While professional video and photo editors will likely want a machine with a dedicated GPU that can help handle some of the load, we were able to use Windows Live Movie Maker to make a movie without slowing down our browsing sessions at all, even with numerous tabs open and a few other items in the background. There’s also enough power for photo editing that most home users will want to do.

This isn’t a gaming laptop, so don’t expect to play Call of Duty, but you could get away with some casual games if you want to entertain yourself.

Heat and Noise: The IdeaPad U260 is both cool and quiet with an almost silent fan that does a decent job of keeping the laptop cool. the right side does tend to get a little warm, but after a few hours it was just enough to notice, but not enough to cause discomfort. The heat was both on the bottom of the unit and on the palmrest.

Battery: The battery on the IdeaPad u260 is a disappointment, draining in just 3 and a half hours with the screen set at 40% during a web browsing test. This short battery life is due to a 4-cell battery and is made worse by the fact that the battery is not one that you can replace for longer computing. We really expect to see longer battery life on a system that is built to be portable, otherwise you’re lugging around a power adapter, which is at least very small, and looking for outlets all day.

Connectivity: The Lenovo u260 has a good assortment of ports and connections, but the notebook is missing one critical slot — an SD card reader. While there appears to be enough space, and there is an empty Expresscard 34 cover, the u260 is lacking one of the ports that most users actually use on their laptops.

Left (left to right): Kensington, USB 2.0, headphone/mic jack, wireless switch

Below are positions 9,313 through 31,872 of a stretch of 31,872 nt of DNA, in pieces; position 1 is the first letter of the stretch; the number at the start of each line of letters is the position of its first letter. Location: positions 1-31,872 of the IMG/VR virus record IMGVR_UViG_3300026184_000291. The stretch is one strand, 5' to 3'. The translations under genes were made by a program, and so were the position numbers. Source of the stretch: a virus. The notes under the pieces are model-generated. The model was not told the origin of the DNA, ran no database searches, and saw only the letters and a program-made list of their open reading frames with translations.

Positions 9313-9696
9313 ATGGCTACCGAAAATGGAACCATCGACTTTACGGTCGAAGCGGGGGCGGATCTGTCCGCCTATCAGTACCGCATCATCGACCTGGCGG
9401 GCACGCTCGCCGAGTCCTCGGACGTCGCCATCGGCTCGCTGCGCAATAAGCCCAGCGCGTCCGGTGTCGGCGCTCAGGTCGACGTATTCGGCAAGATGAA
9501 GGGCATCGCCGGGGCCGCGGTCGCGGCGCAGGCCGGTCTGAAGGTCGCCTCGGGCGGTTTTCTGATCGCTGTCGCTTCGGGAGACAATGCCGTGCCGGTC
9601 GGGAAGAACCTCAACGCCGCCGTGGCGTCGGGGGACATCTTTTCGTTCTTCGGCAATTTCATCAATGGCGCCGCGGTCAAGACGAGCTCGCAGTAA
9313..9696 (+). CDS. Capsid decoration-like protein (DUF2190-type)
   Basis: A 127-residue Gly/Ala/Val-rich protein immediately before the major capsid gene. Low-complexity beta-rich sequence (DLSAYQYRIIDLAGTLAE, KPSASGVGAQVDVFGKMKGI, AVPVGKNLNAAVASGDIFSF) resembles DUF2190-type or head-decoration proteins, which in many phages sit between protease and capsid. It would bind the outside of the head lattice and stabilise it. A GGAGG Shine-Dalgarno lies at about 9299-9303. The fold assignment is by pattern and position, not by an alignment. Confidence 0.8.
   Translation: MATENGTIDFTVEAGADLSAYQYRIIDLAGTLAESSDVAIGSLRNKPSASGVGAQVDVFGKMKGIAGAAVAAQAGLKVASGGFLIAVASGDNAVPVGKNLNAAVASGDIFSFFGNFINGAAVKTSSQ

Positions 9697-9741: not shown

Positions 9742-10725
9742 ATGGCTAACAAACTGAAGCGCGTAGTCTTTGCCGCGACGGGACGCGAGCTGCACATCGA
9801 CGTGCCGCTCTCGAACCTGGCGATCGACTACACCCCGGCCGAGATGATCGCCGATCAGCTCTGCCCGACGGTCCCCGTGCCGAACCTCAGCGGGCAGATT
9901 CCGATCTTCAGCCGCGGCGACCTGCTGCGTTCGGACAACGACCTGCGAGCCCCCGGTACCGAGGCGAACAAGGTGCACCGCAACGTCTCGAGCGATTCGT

Right (left to right): USB 2.0, HDMI, Ethernet, VGA, Power

Value: The IdeaPad u260 is available from several retailers for $899 with the Core i5 processor which, combined with the design, makes the IdeaPad u260 a good value for users who don’t want or need long battery life on their ultraportable laptops. If battery life is an important feature for you, this laptop doesn’t offer enough value to get past the poor battery life, especially since the battery cannot be replaced halfway through your day.

Conclusion: The IdeaPad u260 is a beautiful notebook that shows just what PC makers can do when they pay attention to design, but unfortunately on the u260 that focus comes at the price of keyboard compromises and poor battery life. The u260 is a notebook that looks really good and if that’s important to you then this is still a notebook to consider — otherwise you may want to wait to see if Lenovo can address some of these issues in a future version of the u260.

The Lenovo IdeaPad U260 comes with the option of an Intel Core i3 or Core i5 processor and is available in Mocha and Clementine colors. The IdeaPad U260 Core i5 models are available from Lenovo for $899 right now and the u260 can also be found on Amazon for the same price.

You can also find the Intel Core i3 IdeaPad U260 models for $799 on Amazon.

Pros:

  • Great Design
  • Attractive Colors
  • Anti-Glare display

Cons:

  • Poor Battery Life
  • Odd Keyboard Layout and Size
  • No SD Card Reader

IdeaPad U260 Gallery:

IdeaPad U260 Detailed Specs:

Processor: Intel Core i5-470UM Processor ( 1.33GHz 800MHz 3MB )
Operating system: Genuine Windows 7 Home Premium 64
Graphics: Intel HD Graphics
Total memory 4 GB PC3-8500 DDR3 SDRAM 1066MHz
Display: 12.5″ HD AntiGlare with integrated camera 1366×768
Pointing device: Industry Standard Multi-touch 2 button touchpad
Hard Drive: 320GB 5400
Battery: Li-Polymer
Network Card: Intel Wireless Wi-Fi Link 1000
Bluetooth: Bluetooth Version 2.1 + EDR
Warranty: One year

Josh Smith is a longtime mobile tech user, currently using a Droid as his primary smartphone. Josh is also an editor at Notebooks.com where he reviews notebooks and other mobile tech. Follow Josh on Twitter @Josh_Smith or email him Josh@Notebooks.com.

5 Comments

  1. Lee Schlesinger

    February 10, 2011 at 10:54 am

    NotebookReview.com just posted a review with a similar assessment – see http://www.notebookreview.com/default.asp?newsID=6031.